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LORD ALFRED TENNYSON
English poet laureate
(1809 - 1892)
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Fancy light from Fancy caught.
      - In Memoriam (pt. XXIII) [Fancy]

And Thought leapt out to wed with Thought,
  Ere Thought could wed itself with Speech.
      - In Memoriam (pt. XXIII, st. 4) [Thought]

'Tis better to have loved and lost,
  Than never to have loved at all.
      - In Memoriam (pt. XXVII, st. 4) [Love]

Rise, happy morn, rise, holy morn,
  Draw forth the cheerful day from night;
    O Father, touch the east, and light
      The list that shone when Hope was born.
      - In Memoriam (pt. XXX) [Morning]

I sometimes hold it half a sin
  To put in words the grief I feel;
    For words, like Nature, half reveal
      And half conceal the Soul within.
        . . . .
          In words, like weeds, I'll wrap me o'er
            Like coarsest clothes against the cold;
              But that large grief which these enfold
                Is given in outline and no more.
      - In Memoriam (V) [Words]

Their meetings made December June.
  Their every parting was to die.
      - In Memoriam (XCVII) [Unity]

Yonder cloud
  That rises upward always higher,
    And onward drags a laboring breast,
      And topples round the dreary west,
        A looming bastion fringed with fire.
      - In Memoriam (XV) [Clouds]

And from his ashes may be made
  The violet of his native land.
      - In Memoriam (XVIII, st. 1)
        [Destiny : Proverbs : Violets]

I do but sing because I must,
  And pipe but as the linnets sing.
      - In Memoriam (XXI, 6) [Poets]

The time draws near the birth of Christ:
  The moon is hid; the night is still;
    The Christmas bells from hill to hill
      Answer each other in the mist.
      - In Memoriam (XXVIII) [Christmas]

Her eyes are homes of silent prayer.
      - In Memoriam (XXXII) [Eyes]

Whose faith has centre everywhere,
  Nor cares to fix itself to form.
      - In Memoriam (XXXIII) [Faith]

A life that leads melodious days.
      - In Memoriam (XXXIII, st. 2) [Day]

And so the Word had breath, and wrought
  With human hands the creed of creeds
    In loveliness of perfect deeds,
      More strong than all poetic thoughts;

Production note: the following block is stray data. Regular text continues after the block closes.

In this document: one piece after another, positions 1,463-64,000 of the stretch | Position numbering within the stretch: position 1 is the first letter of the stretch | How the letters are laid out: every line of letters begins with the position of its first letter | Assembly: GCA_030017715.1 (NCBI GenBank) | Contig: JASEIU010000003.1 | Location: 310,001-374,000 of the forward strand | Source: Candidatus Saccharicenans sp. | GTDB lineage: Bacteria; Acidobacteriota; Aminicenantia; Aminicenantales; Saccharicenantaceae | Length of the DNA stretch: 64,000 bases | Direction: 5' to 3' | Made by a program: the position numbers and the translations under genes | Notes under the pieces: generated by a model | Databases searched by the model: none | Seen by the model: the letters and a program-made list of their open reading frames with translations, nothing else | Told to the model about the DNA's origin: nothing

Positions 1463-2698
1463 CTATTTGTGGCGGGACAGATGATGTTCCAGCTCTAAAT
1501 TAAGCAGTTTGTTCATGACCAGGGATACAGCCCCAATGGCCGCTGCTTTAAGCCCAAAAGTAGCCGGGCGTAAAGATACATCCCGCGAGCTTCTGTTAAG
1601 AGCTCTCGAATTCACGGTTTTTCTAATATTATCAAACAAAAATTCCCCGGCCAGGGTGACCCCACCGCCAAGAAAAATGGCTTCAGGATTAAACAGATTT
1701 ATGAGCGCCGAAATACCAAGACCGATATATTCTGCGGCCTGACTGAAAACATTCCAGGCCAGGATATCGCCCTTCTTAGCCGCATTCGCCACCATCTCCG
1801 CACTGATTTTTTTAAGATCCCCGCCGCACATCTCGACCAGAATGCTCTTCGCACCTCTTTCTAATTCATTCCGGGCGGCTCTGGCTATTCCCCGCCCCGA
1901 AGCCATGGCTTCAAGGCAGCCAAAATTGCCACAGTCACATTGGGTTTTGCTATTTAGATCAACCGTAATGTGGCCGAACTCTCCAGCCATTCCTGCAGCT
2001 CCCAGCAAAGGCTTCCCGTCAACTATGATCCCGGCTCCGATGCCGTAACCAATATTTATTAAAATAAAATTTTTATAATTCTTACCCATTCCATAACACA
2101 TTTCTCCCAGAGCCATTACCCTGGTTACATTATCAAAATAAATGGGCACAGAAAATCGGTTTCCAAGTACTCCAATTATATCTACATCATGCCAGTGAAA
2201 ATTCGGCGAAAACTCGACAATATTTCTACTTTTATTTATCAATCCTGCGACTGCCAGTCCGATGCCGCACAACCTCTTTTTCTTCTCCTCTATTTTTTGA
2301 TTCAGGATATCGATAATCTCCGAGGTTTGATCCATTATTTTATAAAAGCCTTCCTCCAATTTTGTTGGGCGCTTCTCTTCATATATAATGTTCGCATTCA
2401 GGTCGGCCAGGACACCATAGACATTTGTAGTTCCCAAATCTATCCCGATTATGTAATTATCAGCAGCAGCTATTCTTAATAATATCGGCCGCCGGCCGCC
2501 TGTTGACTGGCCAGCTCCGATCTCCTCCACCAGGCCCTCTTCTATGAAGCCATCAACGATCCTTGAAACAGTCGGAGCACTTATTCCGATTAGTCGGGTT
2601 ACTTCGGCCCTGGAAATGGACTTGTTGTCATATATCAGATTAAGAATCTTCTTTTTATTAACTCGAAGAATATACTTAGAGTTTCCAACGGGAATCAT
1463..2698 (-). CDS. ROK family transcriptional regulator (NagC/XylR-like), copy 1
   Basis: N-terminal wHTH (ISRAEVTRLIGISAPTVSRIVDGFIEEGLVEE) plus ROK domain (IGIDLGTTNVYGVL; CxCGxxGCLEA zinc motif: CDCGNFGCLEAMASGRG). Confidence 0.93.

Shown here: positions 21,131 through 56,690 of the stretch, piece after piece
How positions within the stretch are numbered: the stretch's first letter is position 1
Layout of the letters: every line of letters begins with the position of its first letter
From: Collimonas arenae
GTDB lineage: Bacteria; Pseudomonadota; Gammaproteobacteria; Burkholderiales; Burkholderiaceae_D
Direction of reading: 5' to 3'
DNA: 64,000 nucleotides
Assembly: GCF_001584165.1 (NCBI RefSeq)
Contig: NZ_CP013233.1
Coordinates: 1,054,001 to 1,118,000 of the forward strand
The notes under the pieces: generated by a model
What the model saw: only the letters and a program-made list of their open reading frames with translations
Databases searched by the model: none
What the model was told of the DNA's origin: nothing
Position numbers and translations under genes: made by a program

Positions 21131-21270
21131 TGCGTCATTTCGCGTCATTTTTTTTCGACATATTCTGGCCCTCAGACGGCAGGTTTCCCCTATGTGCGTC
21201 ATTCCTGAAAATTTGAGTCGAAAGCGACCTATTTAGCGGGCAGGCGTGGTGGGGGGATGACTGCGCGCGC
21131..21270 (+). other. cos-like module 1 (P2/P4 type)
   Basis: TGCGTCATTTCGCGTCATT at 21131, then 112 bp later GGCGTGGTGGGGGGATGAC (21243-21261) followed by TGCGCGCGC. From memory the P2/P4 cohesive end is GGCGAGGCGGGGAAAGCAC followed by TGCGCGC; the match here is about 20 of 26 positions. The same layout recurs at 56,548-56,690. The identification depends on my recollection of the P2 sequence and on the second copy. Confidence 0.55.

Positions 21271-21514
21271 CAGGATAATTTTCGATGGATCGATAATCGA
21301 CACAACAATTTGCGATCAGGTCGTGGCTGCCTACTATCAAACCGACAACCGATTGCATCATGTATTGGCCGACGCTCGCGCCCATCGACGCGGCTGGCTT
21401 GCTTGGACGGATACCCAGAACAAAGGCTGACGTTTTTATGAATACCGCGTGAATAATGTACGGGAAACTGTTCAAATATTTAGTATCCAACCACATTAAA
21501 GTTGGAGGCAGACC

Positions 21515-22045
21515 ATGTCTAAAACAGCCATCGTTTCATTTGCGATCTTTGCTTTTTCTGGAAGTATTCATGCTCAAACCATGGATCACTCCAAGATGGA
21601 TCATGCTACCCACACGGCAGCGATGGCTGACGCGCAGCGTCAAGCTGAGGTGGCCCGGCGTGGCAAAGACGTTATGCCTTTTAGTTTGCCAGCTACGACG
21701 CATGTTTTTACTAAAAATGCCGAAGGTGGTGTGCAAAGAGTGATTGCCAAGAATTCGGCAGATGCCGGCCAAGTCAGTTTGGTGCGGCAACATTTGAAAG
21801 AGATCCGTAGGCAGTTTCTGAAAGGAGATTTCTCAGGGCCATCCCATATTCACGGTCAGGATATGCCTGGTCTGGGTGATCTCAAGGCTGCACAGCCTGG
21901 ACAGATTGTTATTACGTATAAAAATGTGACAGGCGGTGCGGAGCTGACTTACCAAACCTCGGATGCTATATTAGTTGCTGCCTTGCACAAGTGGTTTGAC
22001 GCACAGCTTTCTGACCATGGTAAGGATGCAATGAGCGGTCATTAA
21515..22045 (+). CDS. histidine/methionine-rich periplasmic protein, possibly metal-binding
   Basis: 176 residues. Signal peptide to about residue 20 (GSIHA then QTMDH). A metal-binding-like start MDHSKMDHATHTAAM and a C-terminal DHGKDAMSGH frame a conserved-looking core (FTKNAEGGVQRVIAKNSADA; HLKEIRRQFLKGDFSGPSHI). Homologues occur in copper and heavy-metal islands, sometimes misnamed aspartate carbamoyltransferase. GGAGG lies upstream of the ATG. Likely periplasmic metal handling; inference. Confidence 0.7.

Which he may read that binds the sheaf,
          Or builds the house, or digs the grave,
            And those wild eyes that watch the waves
              In roarings round the coral reef.
      - In Memoriam (XXXVI) [Christ]

Wearing all that weight
  Of learning lightly like a flower.
      - In Memoriam--Conclusion (st. 10)
        [Learning]

Our wills are ours, we know not how;
  Our wills are ours, to make them thine.
      - In Memoriam--Introduction (st. 4) [Will]

Thy prayer was "Light--more Light"--while Time shall last
  Thou sawest a glory growing on the night,
    But not the shadows which that light would cast,
      Till shadows vanish in the Light of Light.
      - Inscription on the Window in memory of Caxton,
        in St. Margaret's Church, Westminster, London
        [Light]

A love still burning upward, giving light
  To read those laws; an accent very low
    In blandishment, but a most silver flow
      Of subtle-paced counsel in distress.
        Right to the heart and brain, tho' undescried,
          Winning its way with extreme gentleness
            Thro' all the outworks of suspicious pride;
              A courage to endure and to obey:
                A hate of gossip parlance and of sway,
                  Crown'd Isabel, thro' all her placid life,
                    The queen of marriage, a most perfect wife.
      - Isabel [Wives]

'Tis only noble to be good.
      - Lady Clara Vere de Vere [Goodness]

Her manners had not that repose
  Which stamps the caste of Vere de Vere.
      - Lady Clara Vere de Vere (st. 5) [Manners]

From yon blue heavens above us bent,
  The gardener Adam and his wife
    Smile at the claims of long descent,
      Howe'er it be, it seems to me
        'Tis only noble to be good,
          Kind hearts are more than coronets,
            And simple faith than Norman blood.
      - Lady Clara Vere de Vere (st. 7) [Ancestry]

I loved you, and my love had no return,
  And therefore my true love has been my death.
      - Lancelot and Elaine (l. 1,298) [Love]

Airy, fairy Lilian.
      - Lilian [Women]

For I dipt into the future far as human eye could see,
  Saw the Vision of the world, and all the wonder that would be;
    Saw the heavens fill with commerce, argosies of magic sails,
      Pilots of the purple twilight, dropping down with costly bales;
        Heard the heavens fill with shouting, and there rain'd a ghastly dew
          From the nations' airy navies grappling in the central blue.
      - Locksley Hall (117) [Aeronautics]

Summer isles of Eden, lying in dark purple spheres of sea.
      - Locksley Hall (164) [Islands]


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